24 Jun 2019
Microservices Architecture
4 minutes read

Monolithic Versus Microservice Architecture


How Do They Compare


Microservices architecture is an architectural approach that connects independent business functionalities in the form of microservices to build complex business applications. Leveraging microservices architecture, a large application can be built as a suite of modular components or services.

It is easier to build and maintain a complex application when broken down into many small pieces that work together. Each layer has its own small team working on it so they are completely decoupled and separated from each other, allowing each service to run its own unique process and communicate autonomously without depending on the other teams or applications.

The ability of being separated and recombined, protects the entire system from getting outdated over time and better facilitates agile processes, making it an appealing method for organizations to adopt, especially for those who are still utilizing monolithic architecture.

With monolithic architecture, an application is built as a single unified system, which is usually one code-base. A monolith is often deployed all at once, both front-end and back-end code together, regardless of changes.

In some of the instances, monolith consists of three parts: a database, a client-side user interface (consisting of HTML pages and/or JavaScript running in a browser), and a server-side application. The server-side application will handle HTTP requests, execute domain-specific logic, retrieve and update data from the database, and populate the HTML views to be sent to the browser.

Contrasting facts about Monolithic and Microservices Architecture


Benefits of Monolithic Architecture


Less Cross-cutting Concerns


One of the key advantages of monolithic architecture is that most apps typically have a large number of cross-cutting concerns, such as logging, rate restricting and security features.

Reduced Operational Overhead


Having a large application means there’s only one application with the need to set up logging, monitoring, testing. It’s also generally less complex to deploy.

PERFORMANCE​


There can also be performance advantages since shared-memory access is faster than inter-process communication (IPC).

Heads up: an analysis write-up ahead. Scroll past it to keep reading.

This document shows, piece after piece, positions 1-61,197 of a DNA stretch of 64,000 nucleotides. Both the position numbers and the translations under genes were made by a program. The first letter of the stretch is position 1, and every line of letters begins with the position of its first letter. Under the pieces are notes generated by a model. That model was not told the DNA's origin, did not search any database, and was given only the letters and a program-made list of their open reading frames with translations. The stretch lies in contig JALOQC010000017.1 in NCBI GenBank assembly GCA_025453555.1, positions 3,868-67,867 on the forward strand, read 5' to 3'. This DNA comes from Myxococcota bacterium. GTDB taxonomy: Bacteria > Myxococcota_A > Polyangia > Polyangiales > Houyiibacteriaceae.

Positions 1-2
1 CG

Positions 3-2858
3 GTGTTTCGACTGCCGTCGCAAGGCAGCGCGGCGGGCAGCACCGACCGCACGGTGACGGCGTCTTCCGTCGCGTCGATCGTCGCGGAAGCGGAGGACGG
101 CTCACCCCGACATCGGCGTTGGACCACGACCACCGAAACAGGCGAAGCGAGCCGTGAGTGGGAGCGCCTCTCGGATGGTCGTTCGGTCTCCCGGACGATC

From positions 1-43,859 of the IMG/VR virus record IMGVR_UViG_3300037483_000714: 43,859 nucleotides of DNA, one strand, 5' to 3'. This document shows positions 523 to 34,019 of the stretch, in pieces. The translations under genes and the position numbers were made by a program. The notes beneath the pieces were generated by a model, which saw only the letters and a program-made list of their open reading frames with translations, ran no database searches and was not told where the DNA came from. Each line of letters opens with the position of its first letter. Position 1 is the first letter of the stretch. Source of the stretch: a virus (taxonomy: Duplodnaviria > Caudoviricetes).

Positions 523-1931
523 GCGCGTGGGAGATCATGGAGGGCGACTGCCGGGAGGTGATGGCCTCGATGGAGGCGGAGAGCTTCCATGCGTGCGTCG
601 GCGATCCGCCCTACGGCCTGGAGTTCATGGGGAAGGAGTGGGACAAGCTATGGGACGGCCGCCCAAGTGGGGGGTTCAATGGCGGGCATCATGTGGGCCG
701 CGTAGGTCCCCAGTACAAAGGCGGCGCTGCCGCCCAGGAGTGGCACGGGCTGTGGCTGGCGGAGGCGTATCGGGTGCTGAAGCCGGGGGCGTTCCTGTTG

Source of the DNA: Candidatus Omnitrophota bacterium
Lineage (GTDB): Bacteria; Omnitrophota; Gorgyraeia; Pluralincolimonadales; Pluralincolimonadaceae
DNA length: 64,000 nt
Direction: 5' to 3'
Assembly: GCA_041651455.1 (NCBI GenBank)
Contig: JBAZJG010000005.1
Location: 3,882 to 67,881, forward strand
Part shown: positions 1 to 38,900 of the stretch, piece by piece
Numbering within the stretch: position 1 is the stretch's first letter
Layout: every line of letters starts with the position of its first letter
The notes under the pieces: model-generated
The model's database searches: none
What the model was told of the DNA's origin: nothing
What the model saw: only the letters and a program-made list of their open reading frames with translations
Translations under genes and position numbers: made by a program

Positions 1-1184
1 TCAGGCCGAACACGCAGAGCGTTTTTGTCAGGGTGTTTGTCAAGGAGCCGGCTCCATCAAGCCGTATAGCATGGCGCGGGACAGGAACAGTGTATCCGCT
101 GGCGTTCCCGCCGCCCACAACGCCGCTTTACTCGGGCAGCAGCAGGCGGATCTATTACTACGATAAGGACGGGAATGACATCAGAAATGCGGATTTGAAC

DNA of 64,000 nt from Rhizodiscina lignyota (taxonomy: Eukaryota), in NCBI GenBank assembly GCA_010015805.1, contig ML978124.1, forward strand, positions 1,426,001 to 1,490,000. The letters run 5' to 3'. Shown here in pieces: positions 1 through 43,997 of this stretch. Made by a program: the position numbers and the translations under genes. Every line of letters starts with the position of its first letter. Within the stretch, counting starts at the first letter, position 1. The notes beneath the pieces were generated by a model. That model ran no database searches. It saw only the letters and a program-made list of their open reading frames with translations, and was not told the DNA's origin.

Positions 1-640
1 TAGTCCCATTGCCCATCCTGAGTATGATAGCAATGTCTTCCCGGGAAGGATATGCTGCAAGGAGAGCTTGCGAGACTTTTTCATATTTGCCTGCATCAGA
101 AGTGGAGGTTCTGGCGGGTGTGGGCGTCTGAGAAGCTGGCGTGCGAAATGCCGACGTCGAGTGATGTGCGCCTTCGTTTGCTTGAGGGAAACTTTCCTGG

Drawbacks of Monolithic Architecture


Compactly Coupled


Monolithic app services tend to get compactly coupled and entangled as the application evolves, thus making it difficult to isolate services during independent scaling or code maintainability.

Tough to Understand


Monolithic architectures are harder to understand, because there may be dependencies, side-effects, which are not obvious when you’re looking at a particular service.

Benefits of Microservices Architecture


Loosely Coupled


Microservice architectures are generally better organized, as each microservice has a very specific job, and is not concerned with the jobs of other components.

Improved fault isolation


If one microservice fails, the others will continue to work

PERFORMANCE​


Under the right circumstances, microservices can also have performance advantages depending on how they’re organized because it’s possible to isolate hot services and scale them independently.

Easy integration and automatic deployment


Using open-source continuous integration tools

Code for different services


The code for different services can be written in different programming languages

Drawbacks of Microservices Architecture


Increased complexity


When compared to monolithic architecture, Microservices architecture is very complex and requires trained resources to understand

Greater Operational Overhead


Microservices are mostly deployed on their own virtual machines or containers, causing rapid growth of VM wrangling work.

Right Time to opt for microservices architecture over monolithic architecture


Circumstances prevailing, to use Monolithic Architecture


Team is at a very dormant stage


The team is small, between 3-5 members, and is thus unable to tackle a broader and high-overhead microservices architecture.

Building a hypothetical product or Proof of Concept


If it’s a new idea, it is likely going to pivot and evolve over time, so a monolith is ideal to allow for rapid product iteration. The same applies to a proof of concept where the goal is just to learn quickly, even if you end up throwing it away.

When the team does not possess any microservices experience


If the team has no prior experience with microservices unless they can justify taking the risk of learning “on the fly” at an advanced stage, it’s likely another sign that they should stick to a monolith to start.

Right time to switch to Microservices Architecture


Some scenarios that indicate that the team should start their next project using microservices


Need fast, self-supporting service delivery


Microservices allows for a quick, self-supporting delivery of individual parts within a larger, integrated system. Basically, depending on the team size or the growing business needs, it can take time to see service delivery gains versus starting with a monolith.

Plans to grow or expand business


Starting with microservices gets the team used to developing in separate small services from the beginning, and having teams separated by service boundaries makes it much easier to scale up the team size and business without introducing exponential complexity. This can even get frequently automated with container fleet management tools.

Conclusion


In this digital era of rapid changes, companies are keen to maximize productivity, embrace agility and improve customer experience. Therefore, they need to look beyond yesterday’s monolithic web applications and embrace microservices; whereby loosely-coupled architecture speeds development, testing, and deployment, accommodating today’s and tomorrow’s digital requirements.

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